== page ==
I’m fascinated by Tubby Smith. He’s a national title winner, he’s mentioned in at least one prominent job search every season, yet the general feeling surrounding him in any given campaign since he left Kentucky in 2007 can best be summed up with the internet staple word ‘meh’.
Perhaps it’s because he’s never managed better than 9-9 in the ultra-competitive Big Ten, and has fallen to 6-12 in each of his last two seasons in the Twin Cities. Perhaps its the sense that his signature success at Kentucky was a fluke, accomplished with players left behind by Rick Pitino. Regardless, Smith’s presence makes Minnesota relevant even when the team doesn’t win. The two sides of that coin were coded into the details of Smith’s recent contract extension.
One part of the contract revealed Smith’s weakness. He’s afraid he’ll get fired. He got the university to agree that he could not be fired mid-season, and if the university fires him, they must pay him $2.5 million, up from $1.5 million in the prior deal.
Several of the details revealed his ‘meh’ status, as well. His base salary was established in 2007 as $600,000 with annual 5% increases. No increase in either of those terms has been reported. Instead, piles of performance-based incentives were ladled onto the contract. For instance, if Smith and his Gophers win the NCAA tournament, he gets $1.5 million. Not to be a negative Nelly, but I’m betting neither side of the negotiating table thinks that one’s going to be paid out. It’s a concession that costs the university nothing, and saves a little face for Smith.
The upshot of the contract is sort of a short-term vote of confidence disguised as a long-term vote of confidence. The $2.5 million buyout is probably the strongest indicator that Minnesota plans to keep Smith around for a while longer. Of course, an upper-echelon finish in the 2013 Big Ten, on the shoulders of Trevor Mbakwe, would go a long ways toward making Smith sit a little easier.
Wednesday’s slate of games had several wild results.
Former Ohio State walk-on turned blogger turned author Mark Titus, who is currently writing for The Ringer, joined Rob Dauster on the latest episode of the CBT Podcast to go over last night’s games. The two also discussed who is the best team in the nation at the moment, as well Frank Mason III’s rap single from several years ago #BIFM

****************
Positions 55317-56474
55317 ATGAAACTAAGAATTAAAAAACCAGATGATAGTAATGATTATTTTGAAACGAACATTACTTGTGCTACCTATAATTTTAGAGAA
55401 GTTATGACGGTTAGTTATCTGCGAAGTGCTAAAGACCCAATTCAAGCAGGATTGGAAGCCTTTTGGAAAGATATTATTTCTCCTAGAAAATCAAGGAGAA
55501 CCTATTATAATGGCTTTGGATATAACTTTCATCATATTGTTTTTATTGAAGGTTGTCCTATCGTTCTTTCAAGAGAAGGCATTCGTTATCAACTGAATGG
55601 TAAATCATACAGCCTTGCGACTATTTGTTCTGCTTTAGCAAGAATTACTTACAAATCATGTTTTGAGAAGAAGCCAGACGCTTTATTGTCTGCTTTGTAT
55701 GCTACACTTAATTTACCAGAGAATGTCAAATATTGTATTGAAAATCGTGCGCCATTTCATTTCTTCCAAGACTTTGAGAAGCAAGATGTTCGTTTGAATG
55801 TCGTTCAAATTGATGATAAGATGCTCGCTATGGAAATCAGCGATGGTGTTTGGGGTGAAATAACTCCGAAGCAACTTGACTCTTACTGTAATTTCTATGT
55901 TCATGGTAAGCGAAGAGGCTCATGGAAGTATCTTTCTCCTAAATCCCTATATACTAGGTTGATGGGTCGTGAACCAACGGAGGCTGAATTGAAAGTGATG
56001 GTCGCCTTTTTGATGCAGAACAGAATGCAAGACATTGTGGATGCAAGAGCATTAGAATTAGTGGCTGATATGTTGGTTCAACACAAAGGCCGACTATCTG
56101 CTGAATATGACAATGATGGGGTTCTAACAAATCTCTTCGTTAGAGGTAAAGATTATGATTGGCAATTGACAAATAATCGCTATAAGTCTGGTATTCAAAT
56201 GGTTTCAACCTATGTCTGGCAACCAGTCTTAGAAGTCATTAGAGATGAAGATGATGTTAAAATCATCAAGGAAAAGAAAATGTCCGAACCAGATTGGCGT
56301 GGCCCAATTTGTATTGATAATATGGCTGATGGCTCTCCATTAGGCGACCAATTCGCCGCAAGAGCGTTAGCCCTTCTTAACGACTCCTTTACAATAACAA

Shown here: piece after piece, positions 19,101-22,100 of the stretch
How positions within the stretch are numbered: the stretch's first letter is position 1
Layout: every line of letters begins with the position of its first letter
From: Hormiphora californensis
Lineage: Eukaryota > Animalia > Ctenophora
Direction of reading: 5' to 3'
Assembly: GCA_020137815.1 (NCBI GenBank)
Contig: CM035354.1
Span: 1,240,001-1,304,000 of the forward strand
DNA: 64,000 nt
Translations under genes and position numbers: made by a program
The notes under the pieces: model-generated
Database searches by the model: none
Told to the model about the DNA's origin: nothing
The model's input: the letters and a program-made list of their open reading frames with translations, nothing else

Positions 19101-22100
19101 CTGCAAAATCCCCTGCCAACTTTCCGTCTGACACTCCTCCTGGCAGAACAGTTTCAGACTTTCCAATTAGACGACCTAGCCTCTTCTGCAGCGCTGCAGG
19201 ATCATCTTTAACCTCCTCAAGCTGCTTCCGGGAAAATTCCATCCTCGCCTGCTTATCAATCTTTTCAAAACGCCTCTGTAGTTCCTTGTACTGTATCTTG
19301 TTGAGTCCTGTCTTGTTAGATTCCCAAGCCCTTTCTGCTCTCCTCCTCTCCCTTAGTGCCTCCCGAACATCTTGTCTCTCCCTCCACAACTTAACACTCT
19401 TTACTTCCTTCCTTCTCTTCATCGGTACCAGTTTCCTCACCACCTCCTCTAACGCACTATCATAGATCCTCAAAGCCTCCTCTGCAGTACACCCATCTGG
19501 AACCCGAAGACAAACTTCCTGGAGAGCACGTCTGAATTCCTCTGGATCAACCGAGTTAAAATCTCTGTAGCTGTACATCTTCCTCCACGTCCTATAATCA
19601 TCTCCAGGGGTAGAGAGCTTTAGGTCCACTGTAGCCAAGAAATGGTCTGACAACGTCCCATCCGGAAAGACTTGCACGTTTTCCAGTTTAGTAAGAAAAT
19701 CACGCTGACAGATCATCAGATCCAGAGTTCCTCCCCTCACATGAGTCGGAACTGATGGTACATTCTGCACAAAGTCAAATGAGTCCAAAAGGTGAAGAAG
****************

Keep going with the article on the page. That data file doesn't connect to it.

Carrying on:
You can subscribe to the podcast on iTunes, Stitcher and Audioboom
North Carolina’s Roy Williams called fellow Hall of Fame coach Rick Pitino to apologize for a fan’s behavior during Wednesday night’s game in Chapel Hill.
While leaving the floor at halftime, Pitino had to be restrained by members of the Louisville coaching staff and he and a UNC fan exchanged words as he made his way to the locker rom. There’s video of Pitino pointing and shouting at a fan, who reportedly said, “Pitino, you suck!”
“I don’t like that,” Williams said, according to the Charlotte Observer. “I mean we’re in North Carolina. We don’t have to be like everybody else. We can raise Cain. You can boo, but you don’t have to say the stuff that we as coaches have to put up with.”
“I hope that never happens at North Carolina ever again.”
No. 8 North Carolina defeated No. 7 Louisville, 74-63.
STILL TO PLAY
Georgia at Alabama (RPI: 68, KenPom: 61, next four teams), 7:00 p.m.
Nebraska at Michigan State (RPI: 43, KenPom: 55, No. 10 seed), 7:00 p.m.
Towson at UNC Wilmington (RPI: 41, KenPom: 57, No. 12 seed), 7:00 p.m.
Jim Boeheim was on the DP Show on Thursday morning, and he admitted that John Gillon’s 23-foot banked-in three at the buzzer was (shocker!) a lucky shot.
But that wasn’t the most interesting thing that he said on the show.
Patrick asked him about his future in Syracuse, and Boeheim had an interesting response.
“I don’t know what’s etched in stone these days,” Boeheim said. “I really don’t. There’s a plan in place, and we’re going to see what happens. But basically right now, I might be done this year. You just don’t know. You just have to wait until the season’s over.”
Boeheim also responded to a column written by Pete Thamel in SI that speculated on when his time in Syracuse would come to an end, saying the only accurate part of the story was that “he spelled my name right”, before adding that, like anyone else nearing the end of a career, when he has a bad day or a bad week, he thinks about calling it a career.
Creighton announced on Wednesday that injured point guard Mo Watson Jr. was suspended from the program on Feb. 13th for “alleged actions that are contrary to university policies and core values.”
The reason for that suspension, according to a report from the Omaha World-Herald, is that he is being investigated for an alleged sexual assault that happened in Omaha this month.
No charges have been filed and Watson was not arrested as of Wednesday night, according to the paper.
Watson was having an all-american season and leading the nation in assists when he tore his ACL on Jan. 16th in a win at Xavier. He underwent surgery in his hometown of Philadelphia a couple of weeks later, but he has not been a part of a Creighton team activity since his return.
Creighton is 4-5 since Watson’s injury, losing on Wednesday night at home against Providence. They’ll likely make the NCAA tournament still.
Watson is not going to participate in Senior Night festivities in Omaha next week, per the OWH.